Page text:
Traditional System Under Siege

Under the traditional tribal system, disputes are resolved in meetings known as jirgas organized by tribal elders known as maleks. But Usman Khan and others say the Taliban has wiped out hundreds of maleks in South Waziristan. The government would like to make allies out of those who have survived.

Many of the surviving maleks have gathered in the district of Tank, the gateway to Waziristan. On this recent day, they are settling a dispute involving the killing of a local elder. Tank is the closest you can get to the no-go tribal zone of Waziristan, and fear is palpable: A burqa-clad figure is the only woman in sight. An elderly man pointed to a small door at the rear of his shop, saying: "It's the escape route if anything happens."

The crackle of gunfire from a passing a military convoy briefly panicked jirga members, but leader Maulana Assam Uddin assured the group that the military was "just clearing the way."

The Pakistan army's vehicles may be emblazoned with Quranic verses, but the army appears to be winning more ire than hearts and minds.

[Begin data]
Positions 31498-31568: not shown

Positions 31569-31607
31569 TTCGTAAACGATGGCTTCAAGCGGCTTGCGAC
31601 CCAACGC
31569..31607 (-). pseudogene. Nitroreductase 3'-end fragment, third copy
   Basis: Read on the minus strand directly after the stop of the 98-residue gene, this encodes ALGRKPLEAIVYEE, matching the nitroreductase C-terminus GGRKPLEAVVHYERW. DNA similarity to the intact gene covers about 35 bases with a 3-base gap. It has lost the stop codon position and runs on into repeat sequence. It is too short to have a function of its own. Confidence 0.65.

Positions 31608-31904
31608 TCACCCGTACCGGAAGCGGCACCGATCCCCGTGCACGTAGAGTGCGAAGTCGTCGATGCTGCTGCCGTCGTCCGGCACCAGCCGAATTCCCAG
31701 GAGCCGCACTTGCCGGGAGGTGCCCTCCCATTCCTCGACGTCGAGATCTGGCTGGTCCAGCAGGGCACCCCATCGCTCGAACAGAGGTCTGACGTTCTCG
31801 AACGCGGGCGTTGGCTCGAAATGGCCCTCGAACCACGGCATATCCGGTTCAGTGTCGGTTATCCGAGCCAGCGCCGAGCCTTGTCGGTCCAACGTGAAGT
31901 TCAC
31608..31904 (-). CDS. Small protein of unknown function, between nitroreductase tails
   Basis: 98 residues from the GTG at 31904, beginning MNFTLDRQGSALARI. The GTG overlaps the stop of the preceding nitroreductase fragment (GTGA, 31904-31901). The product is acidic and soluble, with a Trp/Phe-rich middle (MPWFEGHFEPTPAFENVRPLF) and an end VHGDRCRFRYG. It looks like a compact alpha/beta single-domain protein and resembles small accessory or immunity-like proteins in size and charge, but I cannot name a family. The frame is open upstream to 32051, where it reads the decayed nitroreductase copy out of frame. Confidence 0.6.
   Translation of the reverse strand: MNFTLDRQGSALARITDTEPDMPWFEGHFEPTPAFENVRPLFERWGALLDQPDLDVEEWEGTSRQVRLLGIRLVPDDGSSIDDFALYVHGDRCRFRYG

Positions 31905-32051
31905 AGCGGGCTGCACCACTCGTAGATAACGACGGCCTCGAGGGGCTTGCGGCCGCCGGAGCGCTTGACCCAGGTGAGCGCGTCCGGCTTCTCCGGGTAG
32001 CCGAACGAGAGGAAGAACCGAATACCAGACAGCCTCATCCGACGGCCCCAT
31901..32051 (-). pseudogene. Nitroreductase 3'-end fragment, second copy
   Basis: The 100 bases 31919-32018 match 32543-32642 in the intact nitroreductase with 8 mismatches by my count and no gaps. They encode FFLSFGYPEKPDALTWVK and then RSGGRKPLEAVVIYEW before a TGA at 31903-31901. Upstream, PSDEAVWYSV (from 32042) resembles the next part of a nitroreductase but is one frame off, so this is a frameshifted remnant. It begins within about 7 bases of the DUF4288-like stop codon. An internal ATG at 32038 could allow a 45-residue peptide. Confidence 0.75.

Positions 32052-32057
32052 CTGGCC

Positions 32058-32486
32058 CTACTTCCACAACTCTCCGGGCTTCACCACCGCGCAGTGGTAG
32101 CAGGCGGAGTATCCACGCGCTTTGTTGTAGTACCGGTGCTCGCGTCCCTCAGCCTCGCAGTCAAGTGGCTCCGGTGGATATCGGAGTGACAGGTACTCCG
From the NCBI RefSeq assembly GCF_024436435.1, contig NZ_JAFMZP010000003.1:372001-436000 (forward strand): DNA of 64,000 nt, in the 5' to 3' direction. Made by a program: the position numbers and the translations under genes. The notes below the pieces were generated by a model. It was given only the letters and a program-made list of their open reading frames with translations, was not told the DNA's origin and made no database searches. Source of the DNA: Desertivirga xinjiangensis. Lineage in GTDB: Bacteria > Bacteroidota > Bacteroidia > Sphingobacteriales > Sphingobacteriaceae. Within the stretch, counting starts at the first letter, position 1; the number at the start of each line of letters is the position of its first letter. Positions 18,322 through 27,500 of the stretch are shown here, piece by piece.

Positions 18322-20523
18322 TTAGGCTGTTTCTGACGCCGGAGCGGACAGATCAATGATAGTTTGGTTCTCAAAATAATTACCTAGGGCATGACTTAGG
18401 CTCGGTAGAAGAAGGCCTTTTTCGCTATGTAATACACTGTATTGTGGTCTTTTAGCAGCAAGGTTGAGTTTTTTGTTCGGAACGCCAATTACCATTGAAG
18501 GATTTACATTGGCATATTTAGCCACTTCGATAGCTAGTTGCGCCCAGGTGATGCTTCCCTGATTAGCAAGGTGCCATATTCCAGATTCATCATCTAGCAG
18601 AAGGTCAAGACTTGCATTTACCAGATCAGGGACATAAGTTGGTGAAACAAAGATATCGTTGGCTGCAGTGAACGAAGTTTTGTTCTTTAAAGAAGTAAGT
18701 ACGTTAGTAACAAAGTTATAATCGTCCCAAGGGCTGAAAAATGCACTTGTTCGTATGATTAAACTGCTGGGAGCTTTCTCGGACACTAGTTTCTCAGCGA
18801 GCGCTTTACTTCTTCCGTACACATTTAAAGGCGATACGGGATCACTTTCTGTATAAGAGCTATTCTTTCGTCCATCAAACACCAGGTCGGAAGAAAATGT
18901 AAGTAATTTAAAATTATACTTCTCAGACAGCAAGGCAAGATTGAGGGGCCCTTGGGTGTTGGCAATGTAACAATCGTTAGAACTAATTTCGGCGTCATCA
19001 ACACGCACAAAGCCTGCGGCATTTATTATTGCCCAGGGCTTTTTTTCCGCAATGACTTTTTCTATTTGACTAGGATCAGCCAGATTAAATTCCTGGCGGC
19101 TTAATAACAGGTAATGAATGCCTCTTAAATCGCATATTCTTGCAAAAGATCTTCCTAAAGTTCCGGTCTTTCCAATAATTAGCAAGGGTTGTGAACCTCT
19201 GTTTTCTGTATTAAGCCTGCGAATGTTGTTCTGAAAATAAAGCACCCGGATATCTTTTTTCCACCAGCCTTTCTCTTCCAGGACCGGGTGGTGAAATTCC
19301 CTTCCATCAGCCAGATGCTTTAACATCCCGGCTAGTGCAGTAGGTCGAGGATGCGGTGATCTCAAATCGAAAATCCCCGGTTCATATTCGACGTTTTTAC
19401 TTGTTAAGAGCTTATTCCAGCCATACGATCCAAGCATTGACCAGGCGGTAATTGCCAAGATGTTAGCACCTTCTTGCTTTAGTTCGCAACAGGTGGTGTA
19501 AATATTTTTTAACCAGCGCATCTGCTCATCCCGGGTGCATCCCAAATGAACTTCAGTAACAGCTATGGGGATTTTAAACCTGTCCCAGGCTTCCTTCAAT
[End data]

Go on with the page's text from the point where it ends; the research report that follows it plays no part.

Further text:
Uddin insists the solution lies not with the military, but with the revival of the tribal structure that governed the area before the Taliban turned its guns on the state of Pakistan.

"Before the current situation, we the elders would hold negotiations and meet with the governors, the corps commander, the generals and the Taliban," Uddin said. "That way we solved the problems."

Government Allies With A Militant Faction

An amalgam of militant groups and criminal elements operate inside South Waziristan. Turkistan Bhittani, who once fought alongside Mehsud, said the Pakistani Taliban leader is not running a jihad but a criminal enterprise.

"Vehicles loaded with dollars would come to him, and he established a rate for killing," Turkistan Bhittani said. "If a cleric was killed, he'd pay one rate; an ordinary man was another. Murdering a military man earned 700,000 rupees."

"Baitullah Mehsud," he said, "kills when he's afraid."

In the murky alliances of the tribal belt, the government has thrown its support behind Turkistan Bhittani, who says his own militant faction rejects suicide bombings or any assault on Pakistan.

Meanwhile, the bloodshed continues. And it is the ordinary citizens who are paying the price.

Junaid Khan contributed to this report from Dera Ismail Khan and Tank.